28 December 1888
THE WHITECHAPEL MURDERER
IN NEW YORK
Material for close study by the members of the Academy of Legal Medicine and Jurisprudence of the State of New York was provided at its last meeting by the series of horrible murders of women recently perpetrated in London.
Mr. Austin Abbott, a member of the College of Attorneys of New York, read a short work entitled "The Whitechapel Murders and Criminal Dementia", and the eminent alienist, Dr. Spitzka, Drs. Iswing and Barney and other physicians, took part in the discussion of this most interesting matter.
Mr. Abbott made mention of the famous skill of which the bloody work of the killer shows evidence, which, he added, even if he is not a surgeon or a butcher, he is at least a person accustomed to working quickly. It is likely that he does not live in the district in which he commits his crimes. "The repetition and the impunity of these crimes prove that he is a resourceful man, no doubt possessing all the attributes of a brutal nature, low and ignorant. On the day of his capture the civilized world will be preoccupied with the question of his sanity."
After referring at great length to some of the most ferocious and bloody crimes of the seventeenth and eighteenth centuries, to show that mankind at that period was brutal by nature, he added: "The enjoyment of death and the destruction of human beings is not inconsistent with a condition of partial sanity. The fact is that the perpetrator of these killings was born with instincts from the seventeenth century; that he is a throwback to two centuries before. But can it be deduced from this that he may have some illness that his predecessors did not have? We must examine these savage impulses to determine if it is a case of dementia or of crime.
What motives did the killer have to seek out his victims in Whitechapel? It is not only vice, for vice is also found among luxury and wealth. It is that his victims have no friends to help and avenge them; that the locality offers less danger to the killer; that illnesses are common among the women of Whitechapel."
The lecturer then proceeded to explain how it was possible to inherit criminal instincts, although the mere fact of heredity, prima facie, did not indicate that these instincts would be morbid; and he stated how, in the case of the Whitechapel killer, no other reason was needed to assume irresponsibility than the fact of this motiveless delinquency already experienced. Dementia, then, is purely hypothetical.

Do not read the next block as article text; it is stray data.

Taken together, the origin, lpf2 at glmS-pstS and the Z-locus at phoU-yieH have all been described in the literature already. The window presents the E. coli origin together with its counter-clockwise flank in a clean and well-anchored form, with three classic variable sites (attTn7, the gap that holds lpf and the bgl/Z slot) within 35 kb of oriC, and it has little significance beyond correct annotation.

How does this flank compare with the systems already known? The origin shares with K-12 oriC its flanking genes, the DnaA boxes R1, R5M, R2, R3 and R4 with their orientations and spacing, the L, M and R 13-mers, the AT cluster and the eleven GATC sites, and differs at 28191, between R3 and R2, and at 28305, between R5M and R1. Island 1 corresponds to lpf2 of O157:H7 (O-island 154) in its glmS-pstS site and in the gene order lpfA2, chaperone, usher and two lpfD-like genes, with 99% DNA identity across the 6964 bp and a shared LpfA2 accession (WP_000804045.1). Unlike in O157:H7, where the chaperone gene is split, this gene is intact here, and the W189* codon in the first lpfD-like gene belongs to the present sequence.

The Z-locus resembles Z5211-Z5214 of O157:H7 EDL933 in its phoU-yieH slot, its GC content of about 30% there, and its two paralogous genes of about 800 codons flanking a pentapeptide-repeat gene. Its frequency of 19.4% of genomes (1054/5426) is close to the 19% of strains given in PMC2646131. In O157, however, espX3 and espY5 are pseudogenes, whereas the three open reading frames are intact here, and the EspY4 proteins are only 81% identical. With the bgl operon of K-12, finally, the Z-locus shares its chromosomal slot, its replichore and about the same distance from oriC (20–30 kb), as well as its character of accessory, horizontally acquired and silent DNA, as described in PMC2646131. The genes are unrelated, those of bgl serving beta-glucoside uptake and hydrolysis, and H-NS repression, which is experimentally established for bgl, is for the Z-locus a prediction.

"But when it is a matter of explaining similar deeds, we should not look to the single hypothesis of brain disease.
The first impression that similar deeds awaken in the mind of the psychologist or the modern alienist is that the savage pleasure of mutilation cannot coexist with sexual passion; that the action of the one is incompatible with the simultaneous action of the other and that the two can only coexist in a disordered mind. This is without doubt the opinion that must naturally arise when we compare the action of this mind with the heightened effects and the domination of the passions of our times and our way of life."
Dr. Spitzka, among many other considerations, noted that with regard to the genuineness of the message that was found on a shutter announcing that Jack the Ripper had twenty remaining murders to commit, the intention there stated was incompatible with the theory of intermittent dementia. He added that he would not be surprised to find out that the perpetrator of these murders was the same man who a year ago carried out number in Texas, and it would not be unusual if the killer was here "among us today."
The serious academics looked at each other, finally breaking into general laughter.
At almost the same time as Dr. Spitzka was speaking, the Mayor of New York, Mr. Hewitt, received a letter signed Jack the Ripper, announcing that he was in this city and that he was preparing to start a series of crimes after Christmas."